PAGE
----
Research Project Stages Assignment

Research Project Stages Assignment

topic : Research Project Stages Assignment

Research Project Stages Assignment is worth a total of 30% of the course grade (5% [20 points] for the preliminary outline and reference list, 25% [100 points] for the final paper).

The Research Project Stages Assignment requires you to write a literature review. A literature review discusses published information in a particular subject area. It is a summary or recap of the important information from previously published sources. For this assignment you look at research concerning some topic of your choosing in the world of advertising. You will need to find and read studies, discuss the theories and research relating previously performed on your topic, and come to your own conclusions about the existence and importance of your overall question/topic. You should also discuss the implications of the research, as you see and interpret them, for society and/or consumers.

Research Project Stages

Stage 1: Developing a Question/Choosing a Topic
For the Research Project Stages Assignment you will need to develop a general research question. Pick a topic that you are interested in. Your topic can be related to research you’ve done in other classes, an area covered in class that you would like to investigate in depth, or a topic that you’ve always found of interest. Past semesters of this course has seen papers on the following topics:

Advertising’s Impact on Children’s Consumer Behavior
Relationship between Sports Sponsorship and Fandom
Role of Colors in Creating a Brand’s Logo
Impact of Advertising on Children’s Obesity
Strong Partisan Voters are More Influenced by Negative Ads
Social Media Influencers Are a More “Organic” Form of Advertising
Is There Better Recall of Products Advertised at Sporting Events
Anti-Tobacco Ads Increase Negative Perceptions of Smoking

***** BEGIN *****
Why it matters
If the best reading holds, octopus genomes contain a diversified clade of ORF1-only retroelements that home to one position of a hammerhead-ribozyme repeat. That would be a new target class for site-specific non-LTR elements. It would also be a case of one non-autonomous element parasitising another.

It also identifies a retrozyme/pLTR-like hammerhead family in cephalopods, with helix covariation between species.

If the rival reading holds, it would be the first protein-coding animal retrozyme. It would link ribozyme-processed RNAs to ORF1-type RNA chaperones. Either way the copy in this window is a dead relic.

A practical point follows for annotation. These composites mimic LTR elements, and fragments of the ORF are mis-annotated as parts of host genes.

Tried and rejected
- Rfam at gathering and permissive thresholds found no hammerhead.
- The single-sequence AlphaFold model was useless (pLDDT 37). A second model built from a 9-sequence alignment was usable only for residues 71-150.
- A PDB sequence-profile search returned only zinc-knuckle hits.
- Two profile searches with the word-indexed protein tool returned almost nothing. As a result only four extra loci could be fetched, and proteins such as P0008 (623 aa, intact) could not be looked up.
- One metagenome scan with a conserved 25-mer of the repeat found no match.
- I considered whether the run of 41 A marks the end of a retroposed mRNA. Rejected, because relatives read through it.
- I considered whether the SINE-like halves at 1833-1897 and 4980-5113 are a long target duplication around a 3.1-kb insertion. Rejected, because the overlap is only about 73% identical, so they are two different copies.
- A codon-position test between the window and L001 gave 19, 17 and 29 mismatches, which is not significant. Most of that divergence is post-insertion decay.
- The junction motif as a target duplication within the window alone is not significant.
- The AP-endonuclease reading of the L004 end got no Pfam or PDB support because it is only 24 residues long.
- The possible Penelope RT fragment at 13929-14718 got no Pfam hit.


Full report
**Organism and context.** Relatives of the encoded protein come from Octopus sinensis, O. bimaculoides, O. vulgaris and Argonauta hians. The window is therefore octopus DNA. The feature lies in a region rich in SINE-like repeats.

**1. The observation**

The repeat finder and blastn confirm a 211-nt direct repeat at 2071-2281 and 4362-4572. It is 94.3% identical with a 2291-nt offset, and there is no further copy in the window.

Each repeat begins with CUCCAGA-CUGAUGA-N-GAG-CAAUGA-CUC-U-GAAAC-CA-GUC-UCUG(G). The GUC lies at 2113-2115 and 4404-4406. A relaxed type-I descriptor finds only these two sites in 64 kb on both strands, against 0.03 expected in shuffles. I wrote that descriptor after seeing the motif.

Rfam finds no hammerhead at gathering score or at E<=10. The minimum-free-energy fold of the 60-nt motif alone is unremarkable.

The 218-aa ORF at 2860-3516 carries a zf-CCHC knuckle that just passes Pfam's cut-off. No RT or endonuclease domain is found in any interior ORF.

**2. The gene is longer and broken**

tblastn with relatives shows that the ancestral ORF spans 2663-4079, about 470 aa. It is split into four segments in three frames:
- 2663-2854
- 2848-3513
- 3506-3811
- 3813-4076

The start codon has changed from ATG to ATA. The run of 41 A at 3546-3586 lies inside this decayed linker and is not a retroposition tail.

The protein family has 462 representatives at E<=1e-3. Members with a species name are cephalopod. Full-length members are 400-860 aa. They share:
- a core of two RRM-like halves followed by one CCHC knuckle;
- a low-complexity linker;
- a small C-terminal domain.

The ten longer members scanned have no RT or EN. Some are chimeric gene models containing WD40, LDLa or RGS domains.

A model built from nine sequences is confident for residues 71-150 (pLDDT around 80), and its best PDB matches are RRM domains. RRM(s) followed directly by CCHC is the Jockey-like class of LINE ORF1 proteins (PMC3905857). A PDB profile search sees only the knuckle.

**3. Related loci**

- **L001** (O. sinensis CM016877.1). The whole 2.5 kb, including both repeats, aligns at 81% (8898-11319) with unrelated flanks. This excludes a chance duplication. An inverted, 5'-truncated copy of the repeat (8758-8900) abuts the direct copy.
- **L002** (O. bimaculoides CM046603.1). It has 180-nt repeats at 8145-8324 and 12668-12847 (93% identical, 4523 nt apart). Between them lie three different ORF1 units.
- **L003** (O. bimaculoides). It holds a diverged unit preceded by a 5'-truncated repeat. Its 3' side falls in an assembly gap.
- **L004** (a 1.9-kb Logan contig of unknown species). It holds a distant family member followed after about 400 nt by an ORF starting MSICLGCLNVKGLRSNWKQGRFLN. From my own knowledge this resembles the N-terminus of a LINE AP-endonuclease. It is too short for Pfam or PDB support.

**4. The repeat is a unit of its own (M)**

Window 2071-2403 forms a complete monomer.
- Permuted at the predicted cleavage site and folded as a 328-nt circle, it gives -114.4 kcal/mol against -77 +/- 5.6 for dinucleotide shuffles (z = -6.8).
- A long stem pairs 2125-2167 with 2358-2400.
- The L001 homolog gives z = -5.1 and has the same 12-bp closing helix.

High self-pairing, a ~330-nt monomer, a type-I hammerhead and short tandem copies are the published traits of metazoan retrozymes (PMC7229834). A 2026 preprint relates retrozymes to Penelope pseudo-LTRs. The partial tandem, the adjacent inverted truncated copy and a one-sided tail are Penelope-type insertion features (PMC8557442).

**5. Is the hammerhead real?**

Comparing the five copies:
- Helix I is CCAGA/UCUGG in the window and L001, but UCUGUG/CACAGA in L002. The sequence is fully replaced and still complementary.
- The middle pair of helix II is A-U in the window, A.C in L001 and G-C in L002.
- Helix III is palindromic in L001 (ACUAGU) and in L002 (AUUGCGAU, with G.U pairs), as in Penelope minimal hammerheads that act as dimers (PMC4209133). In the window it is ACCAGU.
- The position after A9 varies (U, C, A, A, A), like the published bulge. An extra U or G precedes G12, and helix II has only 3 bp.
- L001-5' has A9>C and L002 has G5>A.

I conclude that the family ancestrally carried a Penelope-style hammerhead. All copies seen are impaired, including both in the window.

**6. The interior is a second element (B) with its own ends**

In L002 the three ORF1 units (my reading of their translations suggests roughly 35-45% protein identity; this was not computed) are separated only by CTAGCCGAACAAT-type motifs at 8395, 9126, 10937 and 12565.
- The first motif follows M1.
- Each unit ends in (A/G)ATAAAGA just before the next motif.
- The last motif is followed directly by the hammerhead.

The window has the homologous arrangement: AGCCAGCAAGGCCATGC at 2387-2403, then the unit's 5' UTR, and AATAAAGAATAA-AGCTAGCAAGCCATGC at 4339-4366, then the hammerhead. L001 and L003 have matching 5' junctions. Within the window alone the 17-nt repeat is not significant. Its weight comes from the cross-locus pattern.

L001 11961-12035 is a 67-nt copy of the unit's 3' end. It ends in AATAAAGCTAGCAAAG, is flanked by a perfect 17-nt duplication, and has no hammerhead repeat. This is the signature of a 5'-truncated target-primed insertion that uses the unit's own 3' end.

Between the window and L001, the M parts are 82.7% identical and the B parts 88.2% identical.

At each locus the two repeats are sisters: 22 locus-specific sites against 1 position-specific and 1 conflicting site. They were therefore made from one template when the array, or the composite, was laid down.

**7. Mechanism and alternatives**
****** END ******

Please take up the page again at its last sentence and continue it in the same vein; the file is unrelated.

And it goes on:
Advertising Based on Ethnicity Can Influence Consumption
Advantages and Disadvantages of Celebrity Endorsements in Ads
Exposure to Advertising Impact Children’s Gender Based Beliefs
Increasing Prevalence of Pharmaceutical Advertising in the U.S.
Portrayals of “Non-Traditional” Couples in Advertisements
Subliminal Advertising is an Effective Influencer
Femvertising Positively Influences Consumer Behavior
Advertisers Continue to Idealize Unrealistic Portrayals of Women
Effects of Political Ads on Voters during the 2016 Presidential Election
Neuroscience Reveals a Person’s True Opinion of an Advertisement
How Do Ads Target Consumers to Enact Specific Physiological Reponses
Methods and Consequences of Advertising to a Queer Audience
As you can hopefully see you can choose absolutely anything you would like to write about for your literature review. It is simply dependent on where your interests lie and what specific topics may interest you.

Stage 2: Researching your Question
Use the UD Library resources, such as online library databases, in order to discover what research has been done in your area of interest. Try not to limit yourself just to books. The majority of social science research, particularly the most recent research, is published in journal format. For a database search you might want to begin looking for materials by doing a keyword search. Keep in mind that the authors cited in the course readings offer good starting places for you to do your research. You should also keep in mind that the bibliographies and reference lists of relevant research articles or the course readings can offer information about where to find other related articles.


You are expected to look at actual research studies in reputable journals, books, or in reliable sources. What is a reputable journal? Journal of Communication, Journal of Advertising, Human Communication Research, Media Psychology, and Journal of Advertising Research are some of the journals that may contain reports of research in your area. If you are unsure if a resource you found is from a reputable, peer-reviewed academic journal, ASK ME!
You may include information from reputable websites (e.g. statistical information about media usage from “Children Now” or Kaiser Foundation Reports). Some journals are also available in full-text format on-line (i.e. Journal of Health Communication). This type of material is considered to be credible and constitutes a “reputable journal”–it’s just in electronic format. This does not include websites such as,, or
You are expected to examine at least SIX original research studies published in reputable journals or as book chapters. Abstracts, or summaries of studies reported in other studies or newspaper reports do not count. Note: Six studies will likely be insufficient and you will need to refer to more sources.